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Should you crunch your code?

advantages and disadvantages

     
12:49 pm on Mar 1, 2007 (gmt 0)

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It has been suggested to me that we ought to crunch all our website code using a 3rd party tool.

I believe this means to remove all white space and comments from the outputted HTML, as well as 'optimisation' of css and js amongst other things.

Would everyone here agree that this is a Good Thing to do, or does it have any downsides?

Call me a cynic, but I don't know if I'm entirely comfortable with having my code 'optimised' by a third party! Should I simply be 'optimising' it myself?

1:55 pm on Mar 1, 2007 (gmt 0)

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I doubt simply 'crunching' will make much difference to SEs - and it will make editing much more difficult!

I totally agree with clean, unbloated code ... but that's a rather different issue!

2:04 pm on Mar 1, 2007 (gmt 0)

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The effect that such tools can have is minimal compared to on-the-fly compression tools such as mod_gzip or mod_deflate. Using gzip compression on the server can reduce page weight by up to 80%, gzip is available widely in most Apache installations, even on shared hosts.

I agree with Quadrille too that removing the white space makes editing much harder, and without gzip compression the difference in page weight would be small.

2:26 pm on Mar 1, 2007 (gmt 0)

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Personally I don't see the point in crunching. A good CSS design will not contain an huge amount of code.

If it does and you're worried you could code the html so the majority of your reader text is at the top and stick large portions of the coding below.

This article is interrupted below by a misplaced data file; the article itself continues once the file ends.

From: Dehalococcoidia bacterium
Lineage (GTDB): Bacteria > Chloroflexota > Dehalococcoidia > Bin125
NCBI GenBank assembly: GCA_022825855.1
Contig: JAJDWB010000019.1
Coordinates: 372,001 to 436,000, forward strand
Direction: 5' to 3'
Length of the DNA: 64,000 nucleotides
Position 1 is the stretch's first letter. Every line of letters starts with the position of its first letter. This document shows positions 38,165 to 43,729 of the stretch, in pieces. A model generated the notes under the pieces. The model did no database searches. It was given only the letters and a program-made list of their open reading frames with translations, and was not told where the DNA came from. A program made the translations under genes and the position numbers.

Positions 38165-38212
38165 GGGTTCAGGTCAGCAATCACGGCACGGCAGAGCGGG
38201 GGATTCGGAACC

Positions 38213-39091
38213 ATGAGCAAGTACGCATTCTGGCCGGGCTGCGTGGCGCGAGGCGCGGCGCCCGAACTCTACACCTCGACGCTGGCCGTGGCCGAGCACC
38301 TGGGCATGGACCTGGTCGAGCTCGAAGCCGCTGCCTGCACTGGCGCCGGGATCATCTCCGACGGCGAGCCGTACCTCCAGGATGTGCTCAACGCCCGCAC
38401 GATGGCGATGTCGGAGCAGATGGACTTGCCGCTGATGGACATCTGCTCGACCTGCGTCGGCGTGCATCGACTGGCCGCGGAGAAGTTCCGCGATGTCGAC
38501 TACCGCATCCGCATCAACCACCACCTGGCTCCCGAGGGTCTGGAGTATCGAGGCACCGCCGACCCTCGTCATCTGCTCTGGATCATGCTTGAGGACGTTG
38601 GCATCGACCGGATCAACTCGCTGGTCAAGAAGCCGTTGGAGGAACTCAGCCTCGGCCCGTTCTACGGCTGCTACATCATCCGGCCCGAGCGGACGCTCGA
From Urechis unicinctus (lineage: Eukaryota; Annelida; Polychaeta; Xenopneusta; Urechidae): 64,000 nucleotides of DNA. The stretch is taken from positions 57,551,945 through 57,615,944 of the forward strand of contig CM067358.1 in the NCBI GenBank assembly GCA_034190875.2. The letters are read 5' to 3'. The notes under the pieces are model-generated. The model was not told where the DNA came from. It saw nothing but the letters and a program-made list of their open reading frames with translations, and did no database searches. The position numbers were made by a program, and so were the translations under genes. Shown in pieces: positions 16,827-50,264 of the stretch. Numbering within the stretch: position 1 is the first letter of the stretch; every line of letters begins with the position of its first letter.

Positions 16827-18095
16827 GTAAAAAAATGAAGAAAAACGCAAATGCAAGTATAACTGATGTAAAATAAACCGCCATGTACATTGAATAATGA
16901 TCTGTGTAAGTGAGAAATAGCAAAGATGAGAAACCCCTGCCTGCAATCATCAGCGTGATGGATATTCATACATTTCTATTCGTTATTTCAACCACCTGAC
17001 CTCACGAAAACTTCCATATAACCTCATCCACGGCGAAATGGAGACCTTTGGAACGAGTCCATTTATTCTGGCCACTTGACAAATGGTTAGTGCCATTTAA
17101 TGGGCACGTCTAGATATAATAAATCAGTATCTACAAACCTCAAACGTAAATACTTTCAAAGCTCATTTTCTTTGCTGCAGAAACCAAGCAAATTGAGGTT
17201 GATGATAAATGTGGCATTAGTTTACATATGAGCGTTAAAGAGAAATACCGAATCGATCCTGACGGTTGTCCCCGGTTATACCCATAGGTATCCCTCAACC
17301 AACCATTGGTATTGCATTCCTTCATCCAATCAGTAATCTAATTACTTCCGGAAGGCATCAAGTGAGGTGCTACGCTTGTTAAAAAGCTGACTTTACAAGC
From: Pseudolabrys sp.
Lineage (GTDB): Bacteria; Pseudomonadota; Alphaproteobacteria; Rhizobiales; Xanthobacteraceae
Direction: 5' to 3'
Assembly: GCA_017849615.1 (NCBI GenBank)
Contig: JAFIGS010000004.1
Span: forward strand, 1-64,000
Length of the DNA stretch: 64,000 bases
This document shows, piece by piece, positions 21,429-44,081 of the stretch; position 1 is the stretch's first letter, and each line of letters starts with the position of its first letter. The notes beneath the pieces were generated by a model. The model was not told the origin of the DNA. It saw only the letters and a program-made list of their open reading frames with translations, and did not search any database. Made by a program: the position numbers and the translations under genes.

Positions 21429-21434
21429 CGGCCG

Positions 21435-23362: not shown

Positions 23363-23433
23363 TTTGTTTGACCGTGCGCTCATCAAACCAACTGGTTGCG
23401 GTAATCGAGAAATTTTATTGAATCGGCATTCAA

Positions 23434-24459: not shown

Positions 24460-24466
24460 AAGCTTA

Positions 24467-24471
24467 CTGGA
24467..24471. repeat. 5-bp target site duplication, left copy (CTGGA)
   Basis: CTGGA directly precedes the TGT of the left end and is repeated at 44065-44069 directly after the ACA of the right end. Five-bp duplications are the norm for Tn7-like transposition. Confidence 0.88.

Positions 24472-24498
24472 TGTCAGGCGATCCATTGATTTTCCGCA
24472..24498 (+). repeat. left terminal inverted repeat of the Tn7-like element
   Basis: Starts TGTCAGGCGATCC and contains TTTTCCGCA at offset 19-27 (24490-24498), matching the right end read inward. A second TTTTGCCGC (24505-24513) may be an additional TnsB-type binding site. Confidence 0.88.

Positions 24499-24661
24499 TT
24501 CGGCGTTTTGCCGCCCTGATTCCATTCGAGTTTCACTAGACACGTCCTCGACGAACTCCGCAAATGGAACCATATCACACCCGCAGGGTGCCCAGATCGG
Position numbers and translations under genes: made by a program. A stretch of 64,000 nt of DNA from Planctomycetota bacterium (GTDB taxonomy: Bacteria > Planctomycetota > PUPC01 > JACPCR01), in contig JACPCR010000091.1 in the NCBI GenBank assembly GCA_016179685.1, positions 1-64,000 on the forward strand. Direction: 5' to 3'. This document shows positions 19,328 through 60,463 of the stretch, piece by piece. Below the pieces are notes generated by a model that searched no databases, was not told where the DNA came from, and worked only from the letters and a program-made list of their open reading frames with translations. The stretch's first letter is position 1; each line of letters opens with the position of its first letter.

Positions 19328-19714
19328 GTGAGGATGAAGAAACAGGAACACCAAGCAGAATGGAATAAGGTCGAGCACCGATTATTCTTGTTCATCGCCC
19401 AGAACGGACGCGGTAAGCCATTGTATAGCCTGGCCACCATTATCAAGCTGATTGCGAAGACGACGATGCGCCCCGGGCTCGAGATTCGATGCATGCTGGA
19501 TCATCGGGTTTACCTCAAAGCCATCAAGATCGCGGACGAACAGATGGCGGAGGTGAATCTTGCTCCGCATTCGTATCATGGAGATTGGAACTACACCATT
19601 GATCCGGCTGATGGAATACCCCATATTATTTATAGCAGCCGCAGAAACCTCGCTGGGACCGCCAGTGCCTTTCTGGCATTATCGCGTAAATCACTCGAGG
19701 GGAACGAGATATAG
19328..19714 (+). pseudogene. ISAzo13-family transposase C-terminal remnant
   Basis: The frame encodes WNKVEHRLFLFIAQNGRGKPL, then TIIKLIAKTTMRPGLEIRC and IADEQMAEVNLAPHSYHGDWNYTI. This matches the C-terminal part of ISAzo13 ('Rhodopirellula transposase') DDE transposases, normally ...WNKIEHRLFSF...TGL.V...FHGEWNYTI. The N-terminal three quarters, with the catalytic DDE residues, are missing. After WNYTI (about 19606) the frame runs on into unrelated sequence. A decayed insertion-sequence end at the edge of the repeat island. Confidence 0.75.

8:41 pm on Mar 1, 2007 (gmt 0)

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Personally, I do run my html through a code optimizer, but I think the benefit is greatly reduced in this age of broadband. As for editing the code, I'm doing that before compression - compression is the last step before upload. And if I do need to do a quick and dirty edit with the ftp client, I know the code well enough that it is not a problem to make minor changes in the compressed code as it sits on the server.
2:28 pm on Mar 8, 2007 (gmt 0)

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Thanks for the info guys. I think I'll leave this one on the back burner.
11:04 am on Mar 9, 2007 (gmt 0)

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I used to worry about this in the days of 28k modems but stopped bothering back when I got a 56k.
11:10 am on Mar 9, 2007 (gmt 0)

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I often crunch before publish but always keep the uncrunched code to edit next time. I do not keep a local copy of the crunched code.

In fact I usually keep all uncrunched old back-copies of websites that I work on. You never know when you'll need an old page again.

6:29 pm on Mar 11, 2007 (gmt 0)

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Has anyone had their CSS/pages "messed up" after they've been run through through a 'cruncher'? Is there a reliable CSS/HTML/JS cruncher that can be recommended? More of a curiosity.

The effect that such tools can have is minimal compared to on-the-fly compression tools such as mod_gzip or mod_deflate. Using gzip compression on the server can reduce page weight by up to 80%, gzip is available widely in most Apache installations, even on shared hosts.

Hhhhmmm, interesting! This prompted further research...
[http-compression.com...]

This very site [webmasterworld.com] appears to implement this, and after a bit of 'web sniffing' reveals that the encoded page (sent to the browser) is a little over 10KB, and once decoded is 56KB! That's quite a saving in download time and bandwidth!

 

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